BILD ALBERTA UNHAPPY WITH BILL 32
The group that represents more than 1,800 businesses in the residential construction industry in Alberta is “shocked and disappointed” by the latest piece of provincial legislation introduced last week.
Bill 32, City Charters and Fiscal Framework Act, has the potential to push the cost of housing up dramatically in a time when the provincial economy is already depressed, the Building Industry and Land Development Association (BILD) Alberta said late last week.
“Bill 32 creates confusion in the industry, erodes transparency in how public funds are spent and allows Edmonton and Calgary to add tens of thousands of dollars to the costs of a new home,” reads a press release sent out by BILD Alberta, titled “BILL 32 - Hammers the industry and hurts Albertans.”
The bill, which ensures the cities of Calgary and Edmonton will have more certainty of municipal funding based on provincial revenues starting in 2022 and was lauded by municipal governments, could also allow municipalities to enforce different levies on infrastructure projects which would ultimately be paid by consumers.
“There’s not a lot of clarity yet attached to the regulations which could impact affordability of housing,” says Carmen Wyton, CEO of BILD Alberta.
“At the end of the day, we know that with every $10,000 of added costs, 20,000 people are pushed out of the market and unable to afford a home.”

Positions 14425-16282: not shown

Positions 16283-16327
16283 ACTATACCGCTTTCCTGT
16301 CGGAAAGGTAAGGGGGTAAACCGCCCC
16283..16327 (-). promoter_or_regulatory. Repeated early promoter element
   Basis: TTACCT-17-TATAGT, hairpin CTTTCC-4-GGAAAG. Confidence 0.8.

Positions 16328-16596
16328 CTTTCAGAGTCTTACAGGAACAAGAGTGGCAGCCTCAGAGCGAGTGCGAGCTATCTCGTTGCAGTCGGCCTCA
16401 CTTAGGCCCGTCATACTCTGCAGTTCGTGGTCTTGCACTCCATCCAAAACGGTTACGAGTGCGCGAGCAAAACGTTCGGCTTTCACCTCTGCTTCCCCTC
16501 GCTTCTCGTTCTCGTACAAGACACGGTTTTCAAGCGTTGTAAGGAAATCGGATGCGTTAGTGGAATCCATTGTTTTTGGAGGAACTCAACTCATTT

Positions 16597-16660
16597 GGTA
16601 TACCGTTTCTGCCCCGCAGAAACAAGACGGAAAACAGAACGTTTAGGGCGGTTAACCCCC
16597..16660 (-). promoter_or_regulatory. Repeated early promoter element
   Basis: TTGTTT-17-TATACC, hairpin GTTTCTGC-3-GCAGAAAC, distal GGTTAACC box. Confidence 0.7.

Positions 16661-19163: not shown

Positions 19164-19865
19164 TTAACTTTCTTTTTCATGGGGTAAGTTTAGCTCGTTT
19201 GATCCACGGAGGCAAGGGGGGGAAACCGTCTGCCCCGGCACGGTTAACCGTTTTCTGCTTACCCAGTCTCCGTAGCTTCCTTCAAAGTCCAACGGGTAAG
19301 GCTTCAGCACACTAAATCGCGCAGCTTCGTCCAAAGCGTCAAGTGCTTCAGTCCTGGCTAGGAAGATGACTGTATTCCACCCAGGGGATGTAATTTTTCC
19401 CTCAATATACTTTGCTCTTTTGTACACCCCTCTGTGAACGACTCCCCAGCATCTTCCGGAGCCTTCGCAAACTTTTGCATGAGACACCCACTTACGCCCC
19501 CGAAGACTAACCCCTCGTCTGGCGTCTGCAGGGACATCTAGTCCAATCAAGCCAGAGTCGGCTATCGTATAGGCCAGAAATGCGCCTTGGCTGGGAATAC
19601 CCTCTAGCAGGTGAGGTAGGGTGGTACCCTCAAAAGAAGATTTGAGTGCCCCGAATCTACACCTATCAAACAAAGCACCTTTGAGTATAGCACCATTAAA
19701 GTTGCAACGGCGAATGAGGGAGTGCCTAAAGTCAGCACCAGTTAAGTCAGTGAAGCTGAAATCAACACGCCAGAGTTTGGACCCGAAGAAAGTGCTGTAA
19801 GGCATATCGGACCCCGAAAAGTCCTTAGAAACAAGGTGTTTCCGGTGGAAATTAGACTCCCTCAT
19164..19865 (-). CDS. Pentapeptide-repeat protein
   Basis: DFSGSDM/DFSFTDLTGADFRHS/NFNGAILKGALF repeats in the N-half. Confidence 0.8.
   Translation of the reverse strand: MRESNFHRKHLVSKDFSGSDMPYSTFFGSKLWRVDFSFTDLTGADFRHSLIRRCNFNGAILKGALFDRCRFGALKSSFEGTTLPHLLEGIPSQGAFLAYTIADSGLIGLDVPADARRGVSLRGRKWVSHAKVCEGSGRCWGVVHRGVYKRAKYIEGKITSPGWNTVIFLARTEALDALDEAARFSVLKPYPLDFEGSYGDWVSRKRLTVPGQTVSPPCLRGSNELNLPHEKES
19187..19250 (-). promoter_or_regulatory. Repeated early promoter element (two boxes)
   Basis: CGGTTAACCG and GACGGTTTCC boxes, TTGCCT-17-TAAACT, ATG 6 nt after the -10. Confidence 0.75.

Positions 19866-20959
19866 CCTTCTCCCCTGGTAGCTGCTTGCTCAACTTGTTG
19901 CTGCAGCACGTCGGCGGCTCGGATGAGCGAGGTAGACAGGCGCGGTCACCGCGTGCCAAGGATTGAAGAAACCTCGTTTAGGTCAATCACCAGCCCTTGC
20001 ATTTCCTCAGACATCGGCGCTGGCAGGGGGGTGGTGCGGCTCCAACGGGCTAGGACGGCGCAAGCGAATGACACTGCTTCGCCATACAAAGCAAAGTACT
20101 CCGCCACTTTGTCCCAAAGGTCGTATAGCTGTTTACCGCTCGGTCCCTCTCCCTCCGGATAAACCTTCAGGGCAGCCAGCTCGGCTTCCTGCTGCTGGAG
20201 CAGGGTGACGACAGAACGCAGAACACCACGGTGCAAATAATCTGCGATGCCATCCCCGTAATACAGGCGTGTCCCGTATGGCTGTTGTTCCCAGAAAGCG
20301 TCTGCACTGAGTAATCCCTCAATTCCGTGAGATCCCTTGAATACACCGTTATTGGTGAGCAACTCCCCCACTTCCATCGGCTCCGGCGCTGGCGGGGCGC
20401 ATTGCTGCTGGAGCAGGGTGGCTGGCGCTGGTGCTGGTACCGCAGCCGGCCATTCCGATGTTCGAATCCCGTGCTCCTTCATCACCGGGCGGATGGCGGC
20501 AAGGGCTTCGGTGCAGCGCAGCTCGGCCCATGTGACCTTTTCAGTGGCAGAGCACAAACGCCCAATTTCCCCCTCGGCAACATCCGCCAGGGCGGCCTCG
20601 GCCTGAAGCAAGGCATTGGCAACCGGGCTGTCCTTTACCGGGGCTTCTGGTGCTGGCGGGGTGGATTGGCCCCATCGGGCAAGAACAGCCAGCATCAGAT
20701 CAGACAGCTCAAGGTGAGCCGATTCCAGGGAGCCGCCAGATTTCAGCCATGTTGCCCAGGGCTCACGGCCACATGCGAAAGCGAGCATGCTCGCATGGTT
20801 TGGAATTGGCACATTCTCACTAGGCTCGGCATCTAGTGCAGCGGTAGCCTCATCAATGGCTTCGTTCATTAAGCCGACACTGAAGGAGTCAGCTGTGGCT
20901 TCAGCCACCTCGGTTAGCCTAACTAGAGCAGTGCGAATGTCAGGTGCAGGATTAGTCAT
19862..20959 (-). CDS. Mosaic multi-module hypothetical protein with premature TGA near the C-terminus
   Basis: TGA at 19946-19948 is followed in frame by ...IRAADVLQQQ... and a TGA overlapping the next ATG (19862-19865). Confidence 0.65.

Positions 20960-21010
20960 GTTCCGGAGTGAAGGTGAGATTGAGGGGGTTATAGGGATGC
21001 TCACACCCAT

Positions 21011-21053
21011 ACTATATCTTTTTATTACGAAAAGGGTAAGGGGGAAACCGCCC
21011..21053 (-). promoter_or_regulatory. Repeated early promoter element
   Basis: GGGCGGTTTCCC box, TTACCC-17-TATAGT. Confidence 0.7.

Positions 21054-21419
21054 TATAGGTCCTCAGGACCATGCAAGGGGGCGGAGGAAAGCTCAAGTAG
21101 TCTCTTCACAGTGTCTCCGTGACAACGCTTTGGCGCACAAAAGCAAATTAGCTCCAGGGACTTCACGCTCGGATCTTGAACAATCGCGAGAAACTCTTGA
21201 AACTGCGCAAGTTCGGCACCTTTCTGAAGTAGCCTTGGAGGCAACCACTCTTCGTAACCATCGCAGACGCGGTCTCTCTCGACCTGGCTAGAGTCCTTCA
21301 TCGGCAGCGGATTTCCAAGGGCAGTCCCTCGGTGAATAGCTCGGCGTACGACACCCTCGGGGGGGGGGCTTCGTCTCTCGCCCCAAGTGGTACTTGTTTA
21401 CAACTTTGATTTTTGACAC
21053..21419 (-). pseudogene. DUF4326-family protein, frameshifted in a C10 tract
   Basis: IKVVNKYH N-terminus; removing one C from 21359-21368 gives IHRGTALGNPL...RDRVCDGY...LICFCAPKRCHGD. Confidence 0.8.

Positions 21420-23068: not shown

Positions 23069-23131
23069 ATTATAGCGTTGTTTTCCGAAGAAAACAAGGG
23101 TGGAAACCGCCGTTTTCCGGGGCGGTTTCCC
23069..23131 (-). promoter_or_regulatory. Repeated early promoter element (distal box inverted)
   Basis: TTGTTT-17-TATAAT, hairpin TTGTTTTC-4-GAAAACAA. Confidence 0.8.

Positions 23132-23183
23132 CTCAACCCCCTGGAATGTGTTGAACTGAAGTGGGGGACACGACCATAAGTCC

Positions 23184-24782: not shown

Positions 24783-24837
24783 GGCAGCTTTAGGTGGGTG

As an example, she says, inclusionary zoning, which would mean a developer would be responsible for adding a number of affordable units to every multi-family complex, has been included in the bill.
“It’s a policy that seems right; it seems smart, but based on what they originally thought was a good idea, it can add $4,800 to $10,000 to each homeowner’s costs in that complex - and it could be much higher.
“It’s those unintended consequences that we are concerned about. We need to ensure Albertans can continue to qualify for mortgages.”
Additionally, the residential construction industry is a huge engine of the Alberta economy, and in a time when the province is suffering, it’s essential to keep it healthy.
“Unless people are able to buy homes, there will be significant job losses in our industry and that, in turn, significantly affects the economy of Alberta.”
The association is lobbying for more consultation with industry before the bill passes.
BILD Alberta was shut out of discussions on the funding agreement, Wyton says.
“Bill 32 was put together without industry at the table in any meaningful way,” says Wyton. “We want to work collaboratively. After all, everyone is working for homeowners and working so communities continue to develop.”
She’s calling for an affordability and impact assessment on the consequences of the bill and BILD Alberta is working to meet with the provincial government.
The new bill can cost homeowners $4,800 to $10,000 more.